What Really Happens When You Don't Shovel Your Driveway After Heavy Snow

Each year when cold weather and snowfall move in, homeowners turn to their trusty shovels and snow blowers to promptly remove the snow from their driveways. If you're a renter or are new to homeownership, you might find yourself wondering what exactly the big deal is and why so much importance seems to be placed on clearing driveways right after a heavy snowfall. The answer is pretty straightforward: to prevent property damage and legal consequences.

The weight and moisture content of snow can pose several structural risks to your driveway when exposure is prolonged. In addition, most cities and counties and even some states have ordinances in place that mandate fines or other consequences for leaving driveways (and sidewalks) uncleared. Leaving your driveway covered in ice and snow can also open you up to legal liability if a visitor or passerby happens to slip, fall, and become injured on your property. If you're in need of motivation to keep your driveway free of snow this winter, keep the potential consequences of uncleared snow in mind. 

Uncleared snow and property damage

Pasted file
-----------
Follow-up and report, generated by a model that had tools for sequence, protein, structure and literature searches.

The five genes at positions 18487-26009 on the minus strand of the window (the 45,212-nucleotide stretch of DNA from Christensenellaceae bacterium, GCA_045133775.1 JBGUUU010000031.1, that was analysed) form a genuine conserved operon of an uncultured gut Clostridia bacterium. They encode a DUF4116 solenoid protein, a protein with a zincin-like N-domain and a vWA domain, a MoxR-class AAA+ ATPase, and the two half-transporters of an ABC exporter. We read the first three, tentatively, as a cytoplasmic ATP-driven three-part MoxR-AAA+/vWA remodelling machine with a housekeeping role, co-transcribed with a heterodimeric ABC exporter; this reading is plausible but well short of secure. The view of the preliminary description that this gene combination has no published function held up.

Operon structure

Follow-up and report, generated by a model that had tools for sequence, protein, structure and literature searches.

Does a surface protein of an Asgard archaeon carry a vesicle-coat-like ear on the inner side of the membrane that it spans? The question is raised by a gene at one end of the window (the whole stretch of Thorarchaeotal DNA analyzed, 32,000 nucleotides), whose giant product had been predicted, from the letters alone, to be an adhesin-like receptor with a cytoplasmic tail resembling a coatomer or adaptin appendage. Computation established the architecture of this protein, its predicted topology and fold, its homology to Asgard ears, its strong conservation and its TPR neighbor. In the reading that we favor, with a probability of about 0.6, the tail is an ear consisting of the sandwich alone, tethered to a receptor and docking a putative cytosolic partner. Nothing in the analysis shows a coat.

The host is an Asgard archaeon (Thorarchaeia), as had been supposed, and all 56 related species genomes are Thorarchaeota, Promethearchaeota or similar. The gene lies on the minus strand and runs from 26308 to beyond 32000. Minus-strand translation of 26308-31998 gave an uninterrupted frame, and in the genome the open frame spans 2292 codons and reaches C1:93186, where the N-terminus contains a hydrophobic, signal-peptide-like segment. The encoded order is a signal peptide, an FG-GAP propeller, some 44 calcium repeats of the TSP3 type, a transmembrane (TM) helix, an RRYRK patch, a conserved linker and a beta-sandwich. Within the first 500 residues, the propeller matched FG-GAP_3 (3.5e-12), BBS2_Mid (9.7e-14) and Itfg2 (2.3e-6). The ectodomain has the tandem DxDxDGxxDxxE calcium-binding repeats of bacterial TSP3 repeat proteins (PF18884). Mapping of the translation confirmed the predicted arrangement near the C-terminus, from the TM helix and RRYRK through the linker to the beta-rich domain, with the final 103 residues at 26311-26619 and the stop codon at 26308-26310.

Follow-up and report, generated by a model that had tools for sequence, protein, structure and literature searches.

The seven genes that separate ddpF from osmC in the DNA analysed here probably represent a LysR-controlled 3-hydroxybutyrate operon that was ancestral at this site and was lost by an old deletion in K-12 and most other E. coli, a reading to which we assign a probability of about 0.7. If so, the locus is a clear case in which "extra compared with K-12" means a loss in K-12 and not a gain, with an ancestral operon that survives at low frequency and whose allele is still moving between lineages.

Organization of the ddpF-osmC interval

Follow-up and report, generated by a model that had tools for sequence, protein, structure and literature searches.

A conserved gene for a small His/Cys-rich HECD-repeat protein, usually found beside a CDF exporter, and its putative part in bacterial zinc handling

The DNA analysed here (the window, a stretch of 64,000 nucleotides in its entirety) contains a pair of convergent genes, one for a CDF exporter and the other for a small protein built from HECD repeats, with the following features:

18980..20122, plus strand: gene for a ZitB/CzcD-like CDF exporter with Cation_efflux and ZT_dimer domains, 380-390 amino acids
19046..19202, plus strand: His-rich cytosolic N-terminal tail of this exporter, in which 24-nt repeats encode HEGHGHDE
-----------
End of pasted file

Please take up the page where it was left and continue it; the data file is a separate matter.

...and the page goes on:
Whether your driveway is made up of concrete or asphalt, prolonged exposure to heavy snow can wreak havoc on its structural integrity. First, the weight alone of a heavy snowfall can pose a risk to your driveway. On average, snow weighs about 20 pounds per cubic foot. Snow that is very wet or has been compacted by foot or vehicle traffic becomes even heavier. Prolonged exposure to a heavy snow load is enough to cause your driveway to buckle and crack, creating avenues for water to enter its structure.

The common winter cycle of repeated freezing and thawing can also have a negative impact on your driveway if snow hasn't been cleared. During a thaw, the snow left on your driveway will melt, and water will seep into its cracks and crevices. Then, when temperatures return to freezing or colder, that water will freeze and expand inside your concrete or asphalt. As a result, the cracks that are already there can become deeper, and new cracks can appear — eventually leading to more severe issues like crumbling and potholes.

Uncleared snow and legal consequences

Cracks and potholes aren't the only risks associated with leaving snow on your driveway. When you decide not to clear snow off your driveway, you're also deciding to leave yourself open civil infractions and legal liability. As mentioned, some states enforce statewide snow ordinances. Locally, nearly every city that routinely receives snow expects homeowners to keep their sidewalks cleared. If a sidewalk runs across the end of your driveway and you fail to clear it, you'll face the possibility of a civil infraction and a fine. 

Beyond your city, county, or state's laws, an uncleared driveway puts you at risk for personal legal liability. If a passerby is injured while attempting to walk across a sidewalk that intersects with your driveway or a visitor slips and falls on your uncleared driveway, you may face a civil lawsuit. Shoveling your snowy driveway can certainly feel like a pain, but the potential consequences of leaving snow uncleared are much more unpleasant.